ACTIVATION OF THE AUTONOMIC NERVOUS SYSTEM AND BLOOD COAGULATION IN ASSOCIATION WITH AN AIR POLLUTION EPISODE

Authors: Peters, Annette; Perz, Siegfried; Do, Angela; Stieber, Jutta; Koenig, Wolfgang; Wichmann, H.-Erich

Source: Inhalation Toxicology, Volume 12, Supplement 1 to issue 6, 15 June 2000 , pp. 51-61(11)

Publisher: Informa Healthcare

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Abstract:

Air pollution has been associated with increases in hospital admissions for cardiovascular diseases. This article aims to identify subgroups of individuals who exhibit early biological responses consistent with the health effects of ambient air pollution. Resting heart rates have been recorded in a cohort of 2681 men and women aged 25–64 yr who participated in the MONICA Augsburg survey during the winter 1984/1985 and in a reexamination during the winter 1987/1988. Increases in heart rate of 1.8 beats per minute (bpm) (95% confidence interval: 0.7 to 2.8 bpm) were observed during the air pollution episode compared to nonepisode days, adjusted for potential cardiovascular risk factors and meteorological parameters. Among persons whose plasma viscosity was above the 90th percentile, heart rates increased 5.1 bpm (95% confidence interval: 2.1 to 8.2 bpm) during the air pollution episode. Persons with normal values of plasma viscosity only had an increase of 1.4 bpm (95% confidence interval: 0.3 to 2.5 bpm) during the air pollution episode. Subjects with increased plasma viscosity showed a more pronounced acceleration in heart rate at rest, pointing toward a modification of the autonomic control of the heart during an air pollution episode.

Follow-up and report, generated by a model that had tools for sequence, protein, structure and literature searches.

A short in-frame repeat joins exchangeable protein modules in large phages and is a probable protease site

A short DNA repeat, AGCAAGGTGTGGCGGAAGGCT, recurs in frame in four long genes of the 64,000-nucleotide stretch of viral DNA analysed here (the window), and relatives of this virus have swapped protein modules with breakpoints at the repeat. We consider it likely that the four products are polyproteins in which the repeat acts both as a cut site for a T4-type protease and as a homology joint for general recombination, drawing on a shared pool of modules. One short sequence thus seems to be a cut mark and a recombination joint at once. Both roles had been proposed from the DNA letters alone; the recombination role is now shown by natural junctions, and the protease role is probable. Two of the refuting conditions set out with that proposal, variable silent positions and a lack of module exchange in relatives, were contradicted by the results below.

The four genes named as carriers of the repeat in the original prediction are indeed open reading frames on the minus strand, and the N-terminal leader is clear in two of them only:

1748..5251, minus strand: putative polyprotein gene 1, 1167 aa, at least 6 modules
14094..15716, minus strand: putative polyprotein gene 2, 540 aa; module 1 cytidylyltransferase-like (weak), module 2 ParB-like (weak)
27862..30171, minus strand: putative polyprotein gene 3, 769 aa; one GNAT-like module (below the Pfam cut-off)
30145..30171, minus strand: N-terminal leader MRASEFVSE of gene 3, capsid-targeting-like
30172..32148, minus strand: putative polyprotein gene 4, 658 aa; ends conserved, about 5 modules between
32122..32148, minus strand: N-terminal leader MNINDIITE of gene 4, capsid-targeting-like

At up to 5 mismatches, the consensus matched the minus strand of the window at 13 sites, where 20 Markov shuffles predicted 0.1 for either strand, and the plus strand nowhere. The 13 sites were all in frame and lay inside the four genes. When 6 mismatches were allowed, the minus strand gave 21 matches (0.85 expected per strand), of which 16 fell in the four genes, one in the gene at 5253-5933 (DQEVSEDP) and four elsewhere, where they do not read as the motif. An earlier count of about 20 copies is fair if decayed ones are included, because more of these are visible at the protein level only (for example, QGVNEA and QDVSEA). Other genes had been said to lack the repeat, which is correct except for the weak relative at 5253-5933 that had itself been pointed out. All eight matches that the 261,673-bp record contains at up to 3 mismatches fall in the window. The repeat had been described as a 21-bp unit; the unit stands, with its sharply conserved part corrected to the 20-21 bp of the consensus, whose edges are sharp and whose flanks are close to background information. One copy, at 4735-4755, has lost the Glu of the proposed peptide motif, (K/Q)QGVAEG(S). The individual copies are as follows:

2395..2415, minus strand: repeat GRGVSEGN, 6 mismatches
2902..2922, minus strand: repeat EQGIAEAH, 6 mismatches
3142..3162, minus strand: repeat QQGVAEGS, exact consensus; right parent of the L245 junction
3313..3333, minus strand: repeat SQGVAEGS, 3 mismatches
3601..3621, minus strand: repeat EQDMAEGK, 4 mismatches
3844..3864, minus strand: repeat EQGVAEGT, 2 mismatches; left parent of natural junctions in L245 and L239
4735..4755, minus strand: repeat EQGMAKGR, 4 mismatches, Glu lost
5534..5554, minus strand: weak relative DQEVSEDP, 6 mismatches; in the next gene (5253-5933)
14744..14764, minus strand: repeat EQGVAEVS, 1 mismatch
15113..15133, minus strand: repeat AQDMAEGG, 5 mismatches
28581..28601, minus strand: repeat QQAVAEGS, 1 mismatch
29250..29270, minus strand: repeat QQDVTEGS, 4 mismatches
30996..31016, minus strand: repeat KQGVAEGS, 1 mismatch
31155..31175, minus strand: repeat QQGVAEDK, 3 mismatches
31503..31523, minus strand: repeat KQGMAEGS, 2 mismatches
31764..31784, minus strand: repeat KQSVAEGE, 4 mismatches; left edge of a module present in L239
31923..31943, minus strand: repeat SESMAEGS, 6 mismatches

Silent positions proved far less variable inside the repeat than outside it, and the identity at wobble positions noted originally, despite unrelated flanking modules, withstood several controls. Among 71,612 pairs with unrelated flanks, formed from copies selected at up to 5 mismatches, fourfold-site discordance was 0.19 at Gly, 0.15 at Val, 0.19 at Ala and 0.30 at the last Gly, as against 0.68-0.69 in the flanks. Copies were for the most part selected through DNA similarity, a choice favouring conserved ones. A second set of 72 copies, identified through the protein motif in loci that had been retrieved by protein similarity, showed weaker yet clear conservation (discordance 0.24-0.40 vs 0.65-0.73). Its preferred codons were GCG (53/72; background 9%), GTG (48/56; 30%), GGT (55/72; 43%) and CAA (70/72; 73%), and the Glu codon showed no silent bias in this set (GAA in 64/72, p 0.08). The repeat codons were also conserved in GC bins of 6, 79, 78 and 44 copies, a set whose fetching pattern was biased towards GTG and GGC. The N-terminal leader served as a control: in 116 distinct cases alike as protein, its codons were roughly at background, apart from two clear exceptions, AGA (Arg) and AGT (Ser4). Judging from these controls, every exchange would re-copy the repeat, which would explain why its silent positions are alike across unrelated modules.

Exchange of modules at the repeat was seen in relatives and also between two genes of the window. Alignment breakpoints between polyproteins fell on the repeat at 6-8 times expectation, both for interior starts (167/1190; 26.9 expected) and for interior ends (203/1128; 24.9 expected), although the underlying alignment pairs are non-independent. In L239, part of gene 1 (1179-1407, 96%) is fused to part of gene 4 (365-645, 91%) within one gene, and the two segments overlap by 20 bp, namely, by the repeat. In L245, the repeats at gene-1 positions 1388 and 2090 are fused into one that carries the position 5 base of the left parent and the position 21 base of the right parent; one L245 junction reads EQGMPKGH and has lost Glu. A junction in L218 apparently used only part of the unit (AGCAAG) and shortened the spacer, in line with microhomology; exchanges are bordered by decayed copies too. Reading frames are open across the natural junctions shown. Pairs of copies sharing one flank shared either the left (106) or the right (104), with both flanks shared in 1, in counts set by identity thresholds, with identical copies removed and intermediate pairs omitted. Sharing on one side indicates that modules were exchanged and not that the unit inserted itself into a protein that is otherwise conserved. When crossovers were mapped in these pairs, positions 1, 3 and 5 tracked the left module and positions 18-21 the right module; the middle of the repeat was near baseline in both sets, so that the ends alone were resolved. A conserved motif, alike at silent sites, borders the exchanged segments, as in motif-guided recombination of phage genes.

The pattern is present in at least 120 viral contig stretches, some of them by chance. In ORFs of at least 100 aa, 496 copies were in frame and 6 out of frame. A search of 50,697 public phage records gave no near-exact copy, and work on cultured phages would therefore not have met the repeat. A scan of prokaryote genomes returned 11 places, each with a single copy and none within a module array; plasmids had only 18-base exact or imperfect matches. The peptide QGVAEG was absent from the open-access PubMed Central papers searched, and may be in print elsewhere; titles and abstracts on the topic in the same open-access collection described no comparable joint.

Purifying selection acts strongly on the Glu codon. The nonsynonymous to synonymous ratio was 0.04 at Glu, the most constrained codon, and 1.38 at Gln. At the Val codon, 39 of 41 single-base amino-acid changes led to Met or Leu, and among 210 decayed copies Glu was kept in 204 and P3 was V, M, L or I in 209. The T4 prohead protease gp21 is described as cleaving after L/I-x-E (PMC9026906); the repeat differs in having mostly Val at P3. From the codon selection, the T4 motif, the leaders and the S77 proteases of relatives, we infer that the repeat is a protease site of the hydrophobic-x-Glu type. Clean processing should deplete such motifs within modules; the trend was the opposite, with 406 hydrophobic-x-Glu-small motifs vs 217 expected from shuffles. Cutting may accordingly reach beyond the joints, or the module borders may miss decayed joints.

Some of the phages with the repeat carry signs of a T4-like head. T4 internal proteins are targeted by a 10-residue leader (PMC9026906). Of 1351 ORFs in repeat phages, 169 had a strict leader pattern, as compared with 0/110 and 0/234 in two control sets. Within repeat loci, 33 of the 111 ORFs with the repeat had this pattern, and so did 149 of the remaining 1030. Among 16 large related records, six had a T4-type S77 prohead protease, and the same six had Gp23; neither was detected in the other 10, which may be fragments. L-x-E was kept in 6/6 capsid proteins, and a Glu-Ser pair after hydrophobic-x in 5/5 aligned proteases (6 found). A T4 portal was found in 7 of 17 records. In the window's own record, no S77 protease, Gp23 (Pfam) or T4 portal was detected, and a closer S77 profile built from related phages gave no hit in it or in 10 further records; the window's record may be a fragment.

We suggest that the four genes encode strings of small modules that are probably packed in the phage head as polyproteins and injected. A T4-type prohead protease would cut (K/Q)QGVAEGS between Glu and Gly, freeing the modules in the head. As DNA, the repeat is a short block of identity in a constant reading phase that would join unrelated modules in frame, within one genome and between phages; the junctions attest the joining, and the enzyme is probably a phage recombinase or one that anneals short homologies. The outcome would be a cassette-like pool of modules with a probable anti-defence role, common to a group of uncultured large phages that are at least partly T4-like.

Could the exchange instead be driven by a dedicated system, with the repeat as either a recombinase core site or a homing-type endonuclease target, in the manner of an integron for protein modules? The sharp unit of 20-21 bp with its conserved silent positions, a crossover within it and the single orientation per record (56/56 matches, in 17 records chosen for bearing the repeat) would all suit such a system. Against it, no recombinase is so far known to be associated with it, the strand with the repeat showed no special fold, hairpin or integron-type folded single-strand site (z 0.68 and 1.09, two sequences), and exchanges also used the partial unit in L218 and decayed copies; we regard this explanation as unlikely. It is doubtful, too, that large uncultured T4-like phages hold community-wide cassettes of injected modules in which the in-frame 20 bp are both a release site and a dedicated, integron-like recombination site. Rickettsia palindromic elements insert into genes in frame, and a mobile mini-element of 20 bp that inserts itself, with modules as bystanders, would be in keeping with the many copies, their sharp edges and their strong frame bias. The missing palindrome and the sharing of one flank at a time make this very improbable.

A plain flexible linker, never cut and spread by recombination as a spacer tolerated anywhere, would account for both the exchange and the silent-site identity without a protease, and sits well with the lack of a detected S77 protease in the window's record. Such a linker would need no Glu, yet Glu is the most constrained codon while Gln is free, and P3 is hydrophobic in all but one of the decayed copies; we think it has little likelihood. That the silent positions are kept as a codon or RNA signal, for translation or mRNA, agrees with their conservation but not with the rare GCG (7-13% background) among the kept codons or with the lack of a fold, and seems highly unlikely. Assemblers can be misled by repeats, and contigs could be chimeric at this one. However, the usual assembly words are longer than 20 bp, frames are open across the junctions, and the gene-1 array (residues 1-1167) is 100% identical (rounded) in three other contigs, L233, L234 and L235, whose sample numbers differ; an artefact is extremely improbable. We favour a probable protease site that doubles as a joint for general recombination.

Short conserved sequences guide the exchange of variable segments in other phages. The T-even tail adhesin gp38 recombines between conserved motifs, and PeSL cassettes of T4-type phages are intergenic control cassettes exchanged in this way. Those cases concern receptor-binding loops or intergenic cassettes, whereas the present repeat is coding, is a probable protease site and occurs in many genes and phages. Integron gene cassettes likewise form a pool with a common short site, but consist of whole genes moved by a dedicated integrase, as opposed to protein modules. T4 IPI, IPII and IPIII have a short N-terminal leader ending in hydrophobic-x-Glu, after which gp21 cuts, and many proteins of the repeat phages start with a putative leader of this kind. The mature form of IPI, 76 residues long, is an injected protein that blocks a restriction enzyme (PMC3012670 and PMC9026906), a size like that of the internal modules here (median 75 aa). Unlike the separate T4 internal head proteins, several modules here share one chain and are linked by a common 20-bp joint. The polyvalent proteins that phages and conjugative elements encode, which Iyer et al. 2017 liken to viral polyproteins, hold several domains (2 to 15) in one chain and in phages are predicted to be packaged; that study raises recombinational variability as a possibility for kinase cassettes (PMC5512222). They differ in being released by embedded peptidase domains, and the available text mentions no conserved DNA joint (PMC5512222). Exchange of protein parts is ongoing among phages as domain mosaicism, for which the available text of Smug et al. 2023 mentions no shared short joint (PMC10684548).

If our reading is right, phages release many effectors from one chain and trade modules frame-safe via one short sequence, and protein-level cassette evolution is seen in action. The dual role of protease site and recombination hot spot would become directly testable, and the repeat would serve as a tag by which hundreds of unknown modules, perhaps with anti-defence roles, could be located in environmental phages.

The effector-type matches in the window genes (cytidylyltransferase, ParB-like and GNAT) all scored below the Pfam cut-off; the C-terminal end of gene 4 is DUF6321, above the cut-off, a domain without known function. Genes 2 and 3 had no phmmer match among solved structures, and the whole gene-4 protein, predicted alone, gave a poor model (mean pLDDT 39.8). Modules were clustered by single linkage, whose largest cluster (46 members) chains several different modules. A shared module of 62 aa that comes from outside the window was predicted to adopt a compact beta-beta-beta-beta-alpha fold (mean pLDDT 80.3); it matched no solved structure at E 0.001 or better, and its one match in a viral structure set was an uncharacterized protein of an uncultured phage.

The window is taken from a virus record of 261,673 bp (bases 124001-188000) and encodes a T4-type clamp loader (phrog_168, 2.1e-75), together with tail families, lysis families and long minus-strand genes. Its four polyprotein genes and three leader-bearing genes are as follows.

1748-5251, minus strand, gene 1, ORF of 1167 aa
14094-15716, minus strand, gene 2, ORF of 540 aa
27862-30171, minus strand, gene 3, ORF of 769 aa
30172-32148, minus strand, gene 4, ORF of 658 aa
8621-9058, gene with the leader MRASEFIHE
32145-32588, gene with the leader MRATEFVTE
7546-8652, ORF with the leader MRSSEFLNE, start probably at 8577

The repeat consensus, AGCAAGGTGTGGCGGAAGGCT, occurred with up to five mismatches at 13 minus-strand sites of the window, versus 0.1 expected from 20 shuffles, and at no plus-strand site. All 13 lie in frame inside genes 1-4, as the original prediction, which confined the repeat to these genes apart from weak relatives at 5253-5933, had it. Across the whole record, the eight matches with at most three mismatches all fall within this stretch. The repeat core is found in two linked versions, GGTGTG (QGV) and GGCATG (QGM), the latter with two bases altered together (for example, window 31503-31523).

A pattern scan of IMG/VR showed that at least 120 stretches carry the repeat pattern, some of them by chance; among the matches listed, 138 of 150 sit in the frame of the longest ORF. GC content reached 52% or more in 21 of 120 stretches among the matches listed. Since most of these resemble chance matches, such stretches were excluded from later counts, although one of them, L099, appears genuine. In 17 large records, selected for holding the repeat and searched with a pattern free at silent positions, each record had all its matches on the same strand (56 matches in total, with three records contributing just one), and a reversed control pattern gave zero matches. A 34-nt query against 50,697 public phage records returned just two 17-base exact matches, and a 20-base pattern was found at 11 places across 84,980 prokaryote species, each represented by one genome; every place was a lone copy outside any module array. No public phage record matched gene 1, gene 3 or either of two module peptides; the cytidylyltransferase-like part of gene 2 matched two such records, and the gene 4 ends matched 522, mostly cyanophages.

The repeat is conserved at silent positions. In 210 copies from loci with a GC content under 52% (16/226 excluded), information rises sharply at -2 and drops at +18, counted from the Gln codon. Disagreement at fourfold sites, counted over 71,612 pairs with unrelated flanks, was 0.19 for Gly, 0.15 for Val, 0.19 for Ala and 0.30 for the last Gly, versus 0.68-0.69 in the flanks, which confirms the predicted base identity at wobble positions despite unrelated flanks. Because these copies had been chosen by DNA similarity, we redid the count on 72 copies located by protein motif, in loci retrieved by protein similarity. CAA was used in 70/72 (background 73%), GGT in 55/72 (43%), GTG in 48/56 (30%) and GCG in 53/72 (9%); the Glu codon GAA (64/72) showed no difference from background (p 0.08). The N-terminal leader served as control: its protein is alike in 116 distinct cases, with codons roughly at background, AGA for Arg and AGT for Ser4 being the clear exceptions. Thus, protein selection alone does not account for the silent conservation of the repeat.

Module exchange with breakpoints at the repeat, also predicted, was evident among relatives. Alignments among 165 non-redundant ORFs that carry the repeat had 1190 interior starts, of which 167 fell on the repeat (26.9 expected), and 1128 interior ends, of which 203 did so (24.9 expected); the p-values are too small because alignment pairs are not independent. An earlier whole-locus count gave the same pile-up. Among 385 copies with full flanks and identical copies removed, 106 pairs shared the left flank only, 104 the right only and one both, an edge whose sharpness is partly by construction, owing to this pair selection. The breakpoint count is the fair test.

Document Type: Research Article

DOI: http://dx.doi.org/10.1080/08958370050029770

Publication date: June 15, 2000

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